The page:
“In my opinion, the world that is now struggling with this pandemic can learn a lot from the U.S. Public Health Service COVID-19 mission conducted Japan. There were 14 seriously ill patients, most of them elderly Americans on the Diamond Princess cruise ship with severe COVID-19 pneumonia who were treated by our Japanese brothers and sisters, and were literally pulled from the grave with their excellent, well-coordinated and aggressive care. All four patients who were on ECMO (extracorporeal membrane oxygenation) were weaned from this life support and most have been weaned off mechanical ventilators. None of the 14 patients died and only one patient remains seriously ill and is showing very good signs of improvement. These data bring hope and teach us that aggressive care using conventional equipment in ICUs can be very effective in saving the lives of even the most severely infected patients. While those who received (compassionate use) remdesivir all survived and were amongst the most critically ill, others who did not receive the drug also survived. Therefore, it is impossible to say with certainty what the role of this drug was in the recovery of critically ill patients who received this agent”, he acknowledges.

About remdesivir

Side effects:

Europe has started testing on thousands of patients, including chloroquine, an antimalarial drug. In Brazil, the Ministry of Health made official, on March 25 a position authorizing doctors to use chloroquine/hydroxychloroquine to treat patients hospitalized in serious condition with Covid-19. Minister of Health, Luiz Henrique Mandetta, warned of the risks of serious side effects caused by the drug, an immunomodulator prescribed for cases of malaria and for some autoimmune diseases, such as lupus. The Ministry will distribute 3.4 million units of chloroquine, which is produced in Brazil, among hospitals in the country. Treatment should last a maximum of five days under medical supervision, as there are no conclusive data regarding the effectiveness of the drug.

The study on favipiravir, developed by Fujifilm’s Toyama Chemical company, was released on March 18 The drug, used for more than 5 years against Influenza, has its use only authorized in Japan, where it is sold commercially under the name of avigan. Chinese medical authorities announced that the drug was effective against the disease and had no side effects. People who had the virus had a result after 4 days of using favipiravir. Patients treated with the drug also showed an improvement in lung function. However, the study had a small sample and was not randomized.

Lopinavir and ritonavir were used in Brazil in the 1980s and 1990s to treat HIV. Lopinavir prevents the formation of Protease, an enzyme responsible for breaking down the protein, while ritonavir is a complementary drug that prevents lopinavir from being destroyed by the liver. The recently published randomized controlled placebo study showed no benefit with lopinavir-ritonavir.

Regeneron Pharmaceuticals and Sanofi announced the start of a clinical trial to evaluate Kevzara (sarilumab) in severely hospitalized patients as a result of infection with the new coronavirus COVID-19. The study will evaluate the effectiveness of adding the use of Kevzara in the usual supportive care, compared to placebo, in up to 400 patients in 16 locations in the United States. The first part of the two-phase study will assess the impact of Kevzara on fever and the patients’ need for supplemental oxygen. The second part will assess the improvement in long-term results, including reducing the need for mechanical ventilation, supplemental oxygen, hospitalization and death prevention.

Urgent need for effective treatment

There is an urgent need for effective treatment, but the WHO has warned countries against untested treatments. “Currently, there is no proven effective treatment against COVID-19” said WHO Director-General, Dr. Tedros Adhanom Ghebreyesus, while praising the energy applied to clinical treatments. The use of drugs without clinical evidence can cause more harm than good and still lead to a shortage of drugs needed for other diseases.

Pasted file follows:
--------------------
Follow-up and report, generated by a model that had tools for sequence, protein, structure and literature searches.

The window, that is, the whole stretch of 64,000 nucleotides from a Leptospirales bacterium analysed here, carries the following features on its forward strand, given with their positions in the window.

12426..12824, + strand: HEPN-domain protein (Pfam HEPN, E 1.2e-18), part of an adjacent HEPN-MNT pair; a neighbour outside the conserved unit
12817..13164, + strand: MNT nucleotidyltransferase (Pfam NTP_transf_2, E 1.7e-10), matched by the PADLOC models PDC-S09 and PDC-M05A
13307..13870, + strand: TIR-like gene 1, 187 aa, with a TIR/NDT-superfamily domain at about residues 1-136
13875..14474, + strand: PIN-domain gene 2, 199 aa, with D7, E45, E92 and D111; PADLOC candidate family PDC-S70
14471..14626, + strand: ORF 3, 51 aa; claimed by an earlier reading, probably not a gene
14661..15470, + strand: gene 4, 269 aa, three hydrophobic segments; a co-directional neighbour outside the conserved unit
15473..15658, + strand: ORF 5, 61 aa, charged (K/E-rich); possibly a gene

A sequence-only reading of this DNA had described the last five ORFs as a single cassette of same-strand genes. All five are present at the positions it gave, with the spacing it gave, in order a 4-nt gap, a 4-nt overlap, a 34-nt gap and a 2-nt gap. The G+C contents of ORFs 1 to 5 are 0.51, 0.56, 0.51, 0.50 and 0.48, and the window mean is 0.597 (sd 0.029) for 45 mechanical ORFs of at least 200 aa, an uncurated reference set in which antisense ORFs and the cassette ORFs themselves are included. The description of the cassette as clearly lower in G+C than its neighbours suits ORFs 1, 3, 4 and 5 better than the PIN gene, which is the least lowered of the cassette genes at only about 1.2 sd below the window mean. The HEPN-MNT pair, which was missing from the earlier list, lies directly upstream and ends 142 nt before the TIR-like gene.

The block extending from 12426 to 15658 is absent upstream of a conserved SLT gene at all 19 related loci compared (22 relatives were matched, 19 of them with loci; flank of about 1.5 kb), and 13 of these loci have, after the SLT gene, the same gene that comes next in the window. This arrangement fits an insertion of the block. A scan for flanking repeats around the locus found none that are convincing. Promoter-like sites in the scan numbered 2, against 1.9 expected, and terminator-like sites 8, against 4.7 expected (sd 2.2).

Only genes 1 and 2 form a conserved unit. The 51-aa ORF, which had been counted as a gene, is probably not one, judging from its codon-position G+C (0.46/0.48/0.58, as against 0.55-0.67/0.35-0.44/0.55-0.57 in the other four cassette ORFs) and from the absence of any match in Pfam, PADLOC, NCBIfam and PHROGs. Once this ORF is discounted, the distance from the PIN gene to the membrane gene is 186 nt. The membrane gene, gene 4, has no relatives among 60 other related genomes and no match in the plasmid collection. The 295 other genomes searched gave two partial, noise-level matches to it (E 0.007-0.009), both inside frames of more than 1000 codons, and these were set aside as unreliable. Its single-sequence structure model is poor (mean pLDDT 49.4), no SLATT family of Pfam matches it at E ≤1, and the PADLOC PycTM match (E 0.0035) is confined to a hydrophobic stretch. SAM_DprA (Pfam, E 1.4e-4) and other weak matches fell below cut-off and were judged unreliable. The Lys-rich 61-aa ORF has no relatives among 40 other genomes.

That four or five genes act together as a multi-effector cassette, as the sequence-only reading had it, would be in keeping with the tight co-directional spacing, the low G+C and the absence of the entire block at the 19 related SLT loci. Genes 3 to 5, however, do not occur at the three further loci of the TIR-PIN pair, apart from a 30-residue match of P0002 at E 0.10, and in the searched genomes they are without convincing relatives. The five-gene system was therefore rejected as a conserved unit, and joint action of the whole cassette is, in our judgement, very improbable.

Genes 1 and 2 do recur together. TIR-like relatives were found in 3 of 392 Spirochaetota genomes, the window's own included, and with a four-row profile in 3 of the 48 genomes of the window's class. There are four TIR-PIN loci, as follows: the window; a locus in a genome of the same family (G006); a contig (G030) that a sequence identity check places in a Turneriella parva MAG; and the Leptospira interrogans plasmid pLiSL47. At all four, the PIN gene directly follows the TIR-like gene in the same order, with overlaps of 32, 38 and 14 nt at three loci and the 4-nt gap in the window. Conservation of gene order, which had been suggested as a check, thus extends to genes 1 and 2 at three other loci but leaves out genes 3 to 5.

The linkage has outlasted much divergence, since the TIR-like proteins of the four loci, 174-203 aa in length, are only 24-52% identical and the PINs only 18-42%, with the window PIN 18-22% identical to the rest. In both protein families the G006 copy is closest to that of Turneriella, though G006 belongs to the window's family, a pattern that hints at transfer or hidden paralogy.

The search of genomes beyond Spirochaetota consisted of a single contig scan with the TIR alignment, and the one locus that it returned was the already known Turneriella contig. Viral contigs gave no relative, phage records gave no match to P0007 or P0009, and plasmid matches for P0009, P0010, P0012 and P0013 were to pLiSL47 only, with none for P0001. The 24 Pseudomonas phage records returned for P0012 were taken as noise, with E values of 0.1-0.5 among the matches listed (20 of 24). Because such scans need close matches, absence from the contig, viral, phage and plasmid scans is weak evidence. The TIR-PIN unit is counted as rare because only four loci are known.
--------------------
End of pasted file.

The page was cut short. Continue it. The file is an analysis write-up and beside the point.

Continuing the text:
The WHO launched an international test (solidarity trial) capable of generating robust and quality evidence. “Small random studies will not give us the answers we need. The more countries that enroll in the study, the faster we will have the results”, said the WHO leader. He recalled, however, that these are defensive measures, and recommended an aggressive fight against the pandemic that already affects more than 300 thousand people. “It is necessary to make the population aware to adopt measures such as quarantine and social isolation. To win, we need to attack the virus aggressively and with targeted tactics. Test all suspects, isolate them and take care of those contaminated”, concludes the director-general.

Hope for drugs and science

Dr. Childs values the fact that there are many incredible medical scientists exploring literally dozens of different angles to kill this virus, all of which, on paper, look like they could work. He says he is impressed by how quickly we see potential new therapeutic approaches going from the drawing board to the clinic. The researcher points out that a substantial number of the world’s medical scientists and clinical researchers are participating in this fight, including scientists and research teams who do not normally work on infectious diseases, but who have brilliant ideas for targeting different parts of the coronavirus that could be its Achilles’ heel. “Science and medicine have united the world to fight a common enemy of all humans. Perhaps it is an illusion, but I believe that there is hope that all humanity will be more unified when this battle is over”, he celebrates.

Finally, Dr. Childs notes that in the end, the goal of most of these drugs is to reduce viral load to a level that is no longer harming the organs to buy time for the immune system to take action and eradicate the virus. If you can keep patients with the most severe coronavirus pneumonia alive long enough with supportive care measures including when necessary, ventilators, or as the Japanese demonstrated with ECMO, sooner or later the immune system will figure things out and will eradicate the virus. 

Being aggressive with supportive care alone can also work. Although we do not currently know which drugs will prove to be beneficial in the treatment of this disease, aggressive supportive care can save the lives of the sickest patients infected with the coronavirus.